One of the things that set Dr. Halverson apart from other men was his punctuality. He was almost always at work a quarter to one-half hour before time and he expected those working under him to at least be on time. Many a morning, when Nat Haywood or I came in a few minutes late, we found him in the hall with his watch in his hand, looking over the top of his glasses at us; he wouldn't say anything, he didn't need to.
Dr. Halverson was very meticulous and thorough in his work. One of the things he required was that the laboratories be kept clean and in order. He felt that to be absolutely necessary in a chemical laboratory.
Dr. Halverson's investigations covered many phases of nutrtiion and bio-chemistry. He developed an improved method for the determination of calcium in blood, and studied mineral metabolism in cattle and swine. He devoted considerable time and effort to a cooperative project directed toward the solution of the soft pork problem brought about by feeding peanuts and soybeans to swine. The results of this study and the means for overcoming the problem were published in a Station technical bulletin. He cooperated in a study of the effects of fertilization on forages, and the vitamin content of peanuts and cow-peas. A study on the utilization of cottonseed meal by cattle in which he participated has been described by Dr. Leonard Maynard, of Cornell, as a classic piece of research. The investigation on cottonseed meal stimulated his interest in gossypol and led to improvements in methods for its determination in cottonseed products. Realizing the complexity molecule, he asked Dr. Roger Adams, one of the country's leading organic chemists, to undertake the determination of its chemical structure. Dr. Halverson shipped Dr. Adams large amounts of cottonseed meats from which gossypol was isolated for this study. Dr. Adams determined its structure which has recently been verified through organic synthesis. Someone recently stated that Dr. Halverson did a good days work the day he suggested this problem to Dr. Adams. And this was true, however, a good day's work was not unusual for Dr. Halverson.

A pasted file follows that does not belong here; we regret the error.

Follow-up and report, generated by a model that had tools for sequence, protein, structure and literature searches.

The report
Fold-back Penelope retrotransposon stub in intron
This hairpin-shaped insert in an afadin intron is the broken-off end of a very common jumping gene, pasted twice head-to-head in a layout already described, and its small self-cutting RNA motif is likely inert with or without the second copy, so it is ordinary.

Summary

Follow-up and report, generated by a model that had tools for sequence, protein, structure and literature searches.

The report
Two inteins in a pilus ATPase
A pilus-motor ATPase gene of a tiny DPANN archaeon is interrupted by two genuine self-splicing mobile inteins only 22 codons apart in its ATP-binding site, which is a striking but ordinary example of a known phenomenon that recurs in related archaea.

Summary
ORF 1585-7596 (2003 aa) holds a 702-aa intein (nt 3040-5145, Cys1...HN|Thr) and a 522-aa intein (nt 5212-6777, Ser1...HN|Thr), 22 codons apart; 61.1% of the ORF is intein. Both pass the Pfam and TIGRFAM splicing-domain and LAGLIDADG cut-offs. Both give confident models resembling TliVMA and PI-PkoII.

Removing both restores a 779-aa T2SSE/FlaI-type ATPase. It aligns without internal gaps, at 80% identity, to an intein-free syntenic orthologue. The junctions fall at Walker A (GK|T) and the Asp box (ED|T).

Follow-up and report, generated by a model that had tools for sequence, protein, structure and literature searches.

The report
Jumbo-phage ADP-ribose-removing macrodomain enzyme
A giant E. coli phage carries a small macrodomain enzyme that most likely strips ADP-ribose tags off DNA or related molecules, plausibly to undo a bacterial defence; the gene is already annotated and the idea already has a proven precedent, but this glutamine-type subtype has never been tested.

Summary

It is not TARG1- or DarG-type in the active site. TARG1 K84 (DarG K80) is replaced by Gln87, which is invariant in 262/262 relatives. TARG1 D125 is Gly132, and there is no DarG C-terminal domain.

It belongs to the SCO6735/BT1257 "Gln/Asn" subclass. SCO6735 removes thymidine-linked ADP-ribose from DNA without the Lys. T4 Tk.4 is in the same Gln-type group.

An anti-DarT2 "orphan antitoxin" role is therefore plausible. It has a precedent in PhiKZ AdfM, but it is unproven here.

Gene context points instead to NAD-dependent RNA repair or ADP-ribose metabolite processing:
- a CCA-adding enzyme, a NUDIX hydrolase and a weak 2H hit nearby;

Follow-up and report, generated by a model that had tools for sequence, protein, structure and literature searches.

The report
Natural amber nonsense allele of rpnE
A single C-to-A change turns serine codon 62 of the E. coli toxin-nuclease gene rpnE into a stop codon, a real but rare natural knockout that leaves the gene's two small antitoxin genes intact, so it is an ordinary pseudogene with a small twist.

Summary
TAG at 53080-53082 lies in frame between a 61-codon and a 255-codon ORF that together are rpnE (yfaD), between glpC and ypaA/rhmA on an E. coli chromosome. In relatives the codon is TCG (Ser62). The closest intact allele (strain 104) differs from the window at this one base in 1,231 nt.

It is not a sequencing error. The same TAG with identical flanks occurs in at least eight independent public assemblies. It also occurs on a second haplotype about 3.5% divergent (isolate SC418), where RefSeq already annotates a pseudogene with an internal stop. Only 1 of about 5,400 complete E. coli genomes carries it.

Therefore, in recognition of his contributions to agriculture in North Carolina, it is fitting that this picture of Dr. John Oliver Halverson hang in the Department of Animal Industry among those honored as pioneers in Agriculture."
Gladys Lewis23 recounts some details she learned from Lucile Halvorson Daniel when Gladys and her husband visited Lucile in the summer of 1989. "John Halvorson did not allow his two girls to listen to the radio as they were growing up. They could only listen to classical music. He wanted a musician in the family so he sent Helen to the Conservatory - but she did not become a musician!"
John Taylor Brown21 included a copy of the report of the State Bank of Hanska for 1935, which showed that John O. Halvorson was one of the shareholders. Various other relatives were also stockholders at that time.
The date of John and Emma's wedding was provided by a letter of congratulations and advice from his college classmate, Olin C. Myron, written to them on 24 June 1910.21 Their marriage certificate shows that the ceremony was performed by L. L. Fylling of Woodview, Wisconsin. His title (minister or justice of the peace) is not given but it seems likely that he was a Lutheran minister. The witnesses at the wedding were Ole Johanni, John's uncle, and George Evenson, Emma's brother.
John's mother's surname is incorrect on the marriage certificate, but the others are all correct or close variants.
|3, 4 (1907, 1909), 5 (v. 2, pp. 496, 497-498), 22,7 (b. 1, pp. 30-31, 86-87), 21|
Copy of marriage certificate
1880 U.S. census, Brown Co., Minnesota, r. 616, p. 40D
1885 Minn. census, Brown Co., p. 471 [LDS FHL microfilm 565735]
1895 Minn. census, Brown Co., p. 464 [LDS FHL microfilm 565764]
1900 U.S. census, Brown Co., Minnesota, r. 758, E.D. 40, p. 70B
1920 U.S. census, Wayne Co., OH, r. 1448, E.D. 222, p. 149A
|Notes for Emma Cecilie (Spouse 1)|
|She was not living at home at the time of the 1900 and 1910 censuses. She is not seen in the 1900 soundex for Wisconsin, Missouri, or Minnesota.|
|3, 5 (v. 2, p. 496), 21|
Copy of marriage certificate
1880 U.S. census, St. Croix Co., Wisconsin, r. 1445, E. D. 213, p. 213C
1920 U.S. census, Wayne Co., OH, r. 1448, E.D. 222, p. 149A